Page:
Car clocking warning as mileage cheating hits an all-time high

By Matt Allan
Wednesday, 15th April 2020, 10:00 am
Updated Wednesday, 15th April 2020, 10:39 am

Almost a tenth of all used cars are displaying an incorrect mileage, raising fears that drivers are being ripped off and put in danger by dodgy sellers.

Figures from vehicle data specialists HPI show that there has been a 45 per cent increase in mileage discrepancies in the last five years, with a more than 20 per cent jump in the last year alone.

The results have sparked concerns that a growing number of motorists are being fooled into paying over the odds for “clocked” cars which not only have covered more miles than claimed but may also be hiding more serious issues.

The figures come from the company’s HPI Check, which provides vehicle history to buyers and sellers. The checks show that in 2019 836,214 vehicles were flagged as having a mileage discrepancy - 8.99 per cent of all vehicles checked.

That is a 22 per cent increase over 2018 and the highest proportion the motoring industry has ever seen.

Avoiding penalties

Clocking was historically carried out to hide a car’s true mileage in order to push up its value. However, HPI's experts have said that the growth in PCP deals in the new car market has also contributed to an upsurge as drivers try to avoid paying extra charges for exceeding their mileage allowance.

They also revealed that one in three cars with a mileage discrepancy also has some other hidden problem, including outstanding finance, having been previously written off or recorded as stolen.

Such issues can affect a car’s value, its roadworthiness and even put ownership at risk if a driver unwittingly buys a stolen car.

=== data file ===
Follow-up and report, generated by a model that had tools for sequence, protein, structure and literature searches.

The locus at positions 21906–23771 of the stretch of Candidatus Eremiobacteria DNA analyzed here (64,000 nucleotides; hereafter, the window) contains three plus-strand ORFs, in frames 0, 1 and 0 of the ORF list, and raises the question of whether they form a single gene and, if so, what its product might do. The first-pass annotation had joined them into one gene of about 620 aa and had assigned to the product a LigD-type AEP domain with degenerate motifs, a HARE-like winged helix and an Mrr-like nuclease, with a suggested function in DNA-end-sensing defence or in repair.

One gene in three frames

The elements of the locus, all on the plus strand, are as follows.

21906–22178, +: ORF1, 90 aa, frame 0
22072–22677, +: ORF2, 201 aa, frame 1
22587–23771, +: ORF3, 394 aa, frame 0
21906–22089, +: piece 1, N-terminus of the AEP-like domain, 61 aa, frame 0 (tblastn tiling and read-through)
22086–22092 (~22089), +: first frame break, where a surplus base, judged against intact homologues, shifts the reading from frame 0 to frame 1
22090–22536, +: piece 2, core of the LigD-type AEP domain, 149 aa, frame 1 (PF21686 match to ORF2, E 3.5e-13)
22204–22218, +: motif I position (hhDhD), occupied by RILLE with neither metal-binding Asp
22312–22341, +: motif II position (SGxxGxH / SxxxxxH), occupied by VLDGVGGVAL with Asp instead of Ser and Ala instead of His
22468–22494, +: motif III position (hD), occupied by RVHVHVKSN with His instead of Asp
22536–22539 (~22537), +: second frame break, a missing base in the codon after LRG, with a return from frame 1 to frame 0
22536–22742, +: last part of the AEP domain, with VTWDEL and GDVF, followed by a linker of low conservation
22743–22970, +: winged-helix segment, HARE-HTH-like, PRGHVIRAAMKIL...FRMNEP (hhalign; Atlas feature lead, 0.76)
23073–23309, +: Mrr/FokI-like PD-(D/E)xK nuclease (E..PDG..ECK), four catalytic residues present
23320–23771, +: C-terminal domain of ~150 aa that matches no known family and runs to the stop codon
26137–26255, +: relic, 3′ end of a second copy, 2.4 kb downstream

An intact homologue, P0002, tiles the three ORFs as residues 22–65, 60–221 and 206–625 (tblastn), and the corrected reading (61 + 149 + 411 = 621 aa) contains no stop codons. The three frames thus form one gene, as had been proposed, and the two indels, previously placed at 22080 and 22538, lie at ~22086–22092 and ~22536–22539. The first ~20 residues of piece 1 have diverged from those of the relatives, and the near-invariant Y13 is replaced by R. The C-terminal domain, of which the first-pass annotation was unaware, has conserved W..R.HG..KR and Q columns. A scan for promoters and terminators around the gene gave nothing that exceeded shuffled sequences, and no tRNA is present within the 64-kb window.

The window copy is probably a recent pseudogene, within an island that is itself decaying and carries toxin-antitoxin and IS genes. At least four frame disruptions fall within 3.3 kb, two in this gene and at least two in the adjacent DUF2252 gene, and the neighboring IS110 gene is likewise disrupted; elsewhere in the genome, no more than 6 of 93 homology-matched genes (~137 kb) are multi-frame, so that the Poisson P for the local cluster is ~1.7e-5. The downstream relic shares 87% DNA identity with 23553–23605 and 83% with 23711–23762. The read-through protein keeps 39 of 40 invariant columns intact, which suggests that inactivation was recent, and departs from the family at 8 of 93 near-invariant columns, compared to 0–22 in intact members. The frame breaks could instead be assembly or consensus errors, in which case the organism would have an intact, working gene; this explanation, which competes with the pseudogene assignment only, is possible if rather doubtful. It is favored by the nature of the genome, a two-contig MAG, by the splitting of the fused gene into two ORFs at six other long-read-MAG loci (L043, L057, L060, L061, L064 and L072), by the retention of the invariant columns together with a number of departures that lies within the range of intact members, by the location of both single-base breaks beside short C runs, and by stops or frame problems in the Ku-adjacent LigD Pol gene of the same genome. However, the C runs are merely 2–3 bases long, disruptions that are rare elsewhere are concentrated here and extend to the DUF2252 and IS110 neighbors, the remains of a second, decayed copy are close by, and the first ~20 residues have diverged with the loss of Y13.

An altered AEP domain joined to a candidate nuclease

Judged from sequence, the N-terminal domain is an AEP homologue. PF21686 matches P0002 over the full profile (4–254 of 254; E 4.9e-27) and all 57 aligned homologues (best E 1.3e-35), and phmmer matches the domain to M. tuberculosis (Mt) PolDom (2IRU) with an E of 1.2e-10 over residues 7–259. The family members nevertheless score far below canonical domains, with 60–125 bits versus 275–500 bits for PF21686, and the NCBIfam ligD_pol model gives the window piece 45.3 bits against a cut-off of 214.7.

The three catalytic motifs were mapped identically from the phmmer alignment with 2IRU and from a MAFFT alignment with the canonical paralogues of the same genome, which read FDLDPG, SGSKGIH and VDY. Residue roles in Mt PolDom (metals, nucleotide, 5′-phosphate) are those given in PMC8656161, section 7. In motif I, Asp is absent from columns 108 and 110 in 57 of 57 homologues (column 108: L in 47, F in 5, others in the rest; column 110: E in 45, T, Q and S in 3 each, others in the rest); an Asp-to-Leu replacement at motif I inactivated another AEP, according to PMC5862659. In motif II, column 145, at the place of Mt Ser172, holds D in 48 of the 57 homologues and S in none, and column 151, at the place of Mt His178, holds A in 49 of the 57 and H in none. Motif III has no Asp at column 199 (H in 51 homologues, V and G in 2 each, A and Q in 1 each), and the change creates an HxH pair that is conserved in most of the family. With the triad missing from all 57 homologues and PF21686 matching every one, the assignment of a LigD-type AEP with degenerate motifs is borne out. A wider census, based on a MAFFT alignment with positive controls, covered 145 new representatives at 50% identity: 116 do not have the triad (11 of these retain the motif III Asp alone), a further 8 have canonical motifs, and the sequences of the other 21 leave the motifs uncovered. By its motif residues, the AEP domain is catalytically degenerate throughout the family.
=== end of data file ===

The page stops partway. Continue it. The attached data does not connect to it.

Fernando Garcia, consumer director at cap hpi commented: “When conducting a mileage check, we will identify any mileage discrepancies through both our own National Mileage Register and the car’s MOT history. If a car has been clocked or had its odometer tampered with, then the mileage reading will appear to have decreased, which is a false reading.

“A vehicle’s mileage is closely linked to its value. These false readings often correlate to mechanical issues and faults later down the line, which could have safety implications, or lead to hefty repair bills.

“All the safety features and modules in a modern car, such as airbags, ABS and ignition, feed information into the vehicle's central computer system. Each time an issue arises, such as a fault warning, – a ‘snapshot’ of the vehicle’s mileage will be logged. Unless a vehicle’s mileage is wound back by a particularly diligent clocker who knows to alter the mileage readings on all modules as well as the odometer, these will be out of sync. This will lead to issues with safety warnings – making it potentially very dangerous for the driver, passenger and other road users.”with, then the mileage reading will appear to have decreased which is a false reading.